Video | Agriculture | Confidence | Economy | Energy | Employment | Finance | Media | Property | RBNZ | Science | SOEs | Tax | Technology | Telecoms | Tourism | Transport | Search


Banqer Economies Booming in Kiwi Classrooms

April 4, 2017


Banqer Economies Booming in Kiwi Classrooms

Thousands of “virtual economies” are booming in classrooms throughout New Zealand.

Banqer is a breakthrough online education programme boosting the financial capability of New Zealand kids. With Kiwibank fully funding 1000 classrooms, more than 30,000 primary school children aged 6-13 are learning and applying essential money skills such as saving, investing, borrowing and purchasing.

Kiwibank chief economist Zoe Wallis said teaching core financial skills through virtual economies now will benefit the real economy later.

“We simply have to confront the fact that, right now, we’re not up to the mark in terms of understanding money and making good financial decisions.

“Many New Zealanders don’t seem to fully understand the trade-offs associated with spending beyond our means. For example, we’re in debt with the rest of the world because we spend more than we save.

“Hands-on education programmes like Banqer are perfect for children to learn and apply essential money skills such as savings, debt, and planning for your retirement. Because the training is social, it gets people at a young age comfortable with talking about money. Undoubtedly that will help break the money taboo.”

Banqer is an interactive, virtual classroom economy designed to help schoolchildren in years four to eight put into practice life lessons around saving, investing and insurance. It is currently used by a total of 30,270 students in 449 schools.

Teachers set up the economy and students earn digital money for performing classroom tasks and for good behaviour. But they also incur economic costs for such things as “hiring” school desks. The digital money can be used to purchase real world goods and services such as classroom parties or the ability to bid on items in end-of-term class auctions.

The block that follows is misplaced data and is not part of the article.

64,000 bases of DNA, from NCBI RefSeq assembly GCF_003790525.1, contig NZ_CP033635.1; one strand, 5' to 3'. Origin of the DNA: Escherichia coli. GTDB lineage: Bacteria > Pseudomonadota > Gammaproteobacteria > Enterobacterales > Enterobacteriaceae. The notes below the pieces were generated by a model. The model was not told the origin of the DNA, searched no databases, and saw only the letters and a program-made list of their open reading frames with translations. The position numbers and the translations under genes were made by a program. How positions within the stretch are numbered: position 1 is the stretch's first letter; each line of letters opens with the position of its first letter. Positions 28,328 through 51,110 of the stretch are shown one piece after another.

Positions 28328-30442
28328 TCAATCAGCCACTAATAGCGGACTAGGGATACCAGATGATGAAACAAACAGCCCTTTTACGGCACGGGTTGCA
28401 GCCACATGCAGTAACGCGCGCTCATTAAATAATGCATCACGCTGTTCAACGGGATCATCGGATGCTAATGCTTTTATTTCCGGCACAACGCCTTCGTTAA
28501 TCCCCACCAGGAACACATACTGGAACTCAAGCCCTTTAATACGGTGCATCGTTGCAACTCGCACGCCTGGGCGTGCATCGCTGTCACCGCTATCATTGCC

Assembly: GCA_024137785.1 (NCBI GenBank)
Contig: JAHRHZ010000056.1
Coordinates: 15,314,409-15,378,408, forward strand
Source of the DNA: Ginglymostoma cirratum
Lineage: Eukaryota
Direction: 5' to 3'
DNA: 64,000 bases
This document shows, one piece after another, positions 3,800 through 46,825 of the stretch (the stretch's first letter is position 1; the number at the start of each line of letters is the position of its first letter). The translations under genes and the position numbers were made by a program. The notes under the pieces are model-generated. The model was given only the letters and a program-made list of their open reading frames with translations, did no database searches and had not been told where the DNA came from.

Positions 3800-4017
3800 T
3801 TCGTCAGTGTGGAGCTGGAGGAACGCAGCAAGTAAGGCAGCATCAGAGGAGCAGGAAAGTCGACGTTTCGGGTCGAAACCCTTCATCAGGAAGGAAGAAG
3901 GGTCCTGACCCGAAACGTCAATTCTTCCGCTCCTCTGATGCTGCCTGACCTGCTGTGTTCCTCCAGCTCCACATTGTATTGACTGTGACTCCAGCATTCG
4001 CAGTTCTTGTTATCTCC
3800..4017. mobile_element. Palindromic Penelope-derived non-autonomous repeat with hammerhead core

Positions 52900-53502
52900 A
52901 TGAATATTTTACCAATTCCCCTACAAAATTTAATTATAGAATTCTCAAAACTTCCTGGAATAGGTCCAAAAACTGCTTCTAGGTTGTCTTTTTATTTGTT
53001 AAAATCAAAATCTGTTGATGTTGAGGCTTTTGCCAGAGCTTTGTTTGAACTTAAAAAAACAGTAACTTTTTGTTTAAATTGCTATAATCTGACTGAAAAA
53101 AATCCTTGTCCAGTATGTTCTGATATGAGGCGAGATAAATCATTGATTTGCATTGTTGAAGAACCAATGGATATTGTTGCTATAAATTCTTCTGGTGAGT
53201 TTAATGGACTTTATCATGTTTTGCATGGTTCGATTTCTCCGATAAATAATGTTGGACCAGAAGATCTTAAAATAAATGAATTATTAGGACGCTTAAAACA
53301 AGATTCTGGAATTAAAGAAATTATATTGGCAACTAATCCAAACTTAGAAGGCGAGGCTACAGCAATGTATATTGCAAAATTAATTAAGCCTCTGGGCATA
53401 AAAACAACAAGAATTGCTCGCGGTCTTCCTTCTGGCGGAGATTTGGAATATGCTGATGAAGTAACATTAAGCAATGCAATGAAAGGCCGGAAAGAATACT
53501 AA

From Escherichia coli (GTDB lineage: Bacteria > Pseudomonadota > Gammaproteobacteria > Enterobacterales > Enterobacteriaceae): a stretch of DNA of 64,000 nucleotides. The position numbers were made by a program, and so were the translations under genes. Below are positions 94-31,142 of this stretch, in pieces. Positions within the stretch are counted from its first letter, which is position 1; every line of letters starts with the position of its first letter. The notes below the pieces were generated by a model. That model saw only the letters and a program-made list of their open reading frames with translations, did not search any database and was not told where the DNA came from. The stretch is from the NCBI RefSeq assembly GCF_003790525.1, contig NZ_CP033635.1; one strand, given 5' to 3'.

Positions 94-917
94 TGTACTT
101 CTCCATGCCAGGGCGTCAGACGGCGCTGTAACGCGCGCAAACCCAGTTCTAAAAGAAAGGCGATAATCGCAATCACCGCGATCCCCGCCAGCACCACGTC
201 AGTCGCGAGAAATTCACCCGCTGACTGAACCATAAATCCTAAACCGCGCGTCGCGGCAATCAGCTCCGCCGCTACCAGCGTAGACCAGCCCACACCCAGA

Teachers can also trigger “shock” events such as interest rate rises or natural disasters, which have a ripple effect on the classroom economy.

“This is an extremely significant milestone not only for Banqer, but also our partnership with Kiwibank,” said Banqer co-founder and developer Kendall Flutey.

“It demonstrates demand for financial education in schools, and affirms that there is appetite for the solution we’re providing.

“The growth we’ve seen throughout New Zealand schools has been phenomenal this last year, tracking ahead of projections – any startup founder’s dream. Having 1000 classrooms involved is a great achievement. We’re already looking to extend it further to ensure Banqer is an educational tool accessible by even more New Zealand kids, so we’re keen to hear from more schools and teachers that want to get involved.”

Riding on the successful rollout in New Zealand, Banqer will be available to 15,000 students in classrooms across Australia over the next year.

“We’re able to take a lot of our New Zealand growth learnings and apply them to this new market. This is proving very effective, and a little over two weeks from our official launch we’re already seeing more than 1000 Australian kids using Banqer.”

Kiwibank also provides banking and financial technical expertise for Banqer’s curriculum, including developing modules in lending and debt, KiwiSaver and careers planning.


© Scoop Media

Business Headlines | Sci-Tech Headlines


'Unprecedented' Conditions: Genesis Coal Burn 5-Yr High

Coal-fired generation from Genesis Energy’s Huntly operations was the highest in more than five years in the December quarter, as a combination of low hydro storage and plant outages were compounded by tight natural gas supplies. More>>


Climate Summary: NZ’s Equal-2nd Warmest Year On Record

Annual temperatures were above average (+0.51°C to +1.20°C above the annual average) across the majority of New Zealand... 2018 was the equal 2nd-warmest year on record for New Zealand, based on NIWA’s seven-station series which began in 1909. More>>


GDP: Economic Growth Dampens In The September Quarter

Gross domestic product (GDP) rose 0.3 percent in the September 2018 quarter, down from 1.0 percent in the previous quarter, Stats NZ said today... GDP per capita was flat in the September 2018 quarter, following an increase of 0.5 percent in the June 2018 quarter. More>>


Up $1.20: $17.70 Minimum Wage For 2019

Coalition Government signals how it will move toward its goal of a $20 p/h minimum wage by 2021... “Today we are announcing that the minimum wage will increase to $17.70 an hour on 1 April 2019." More>>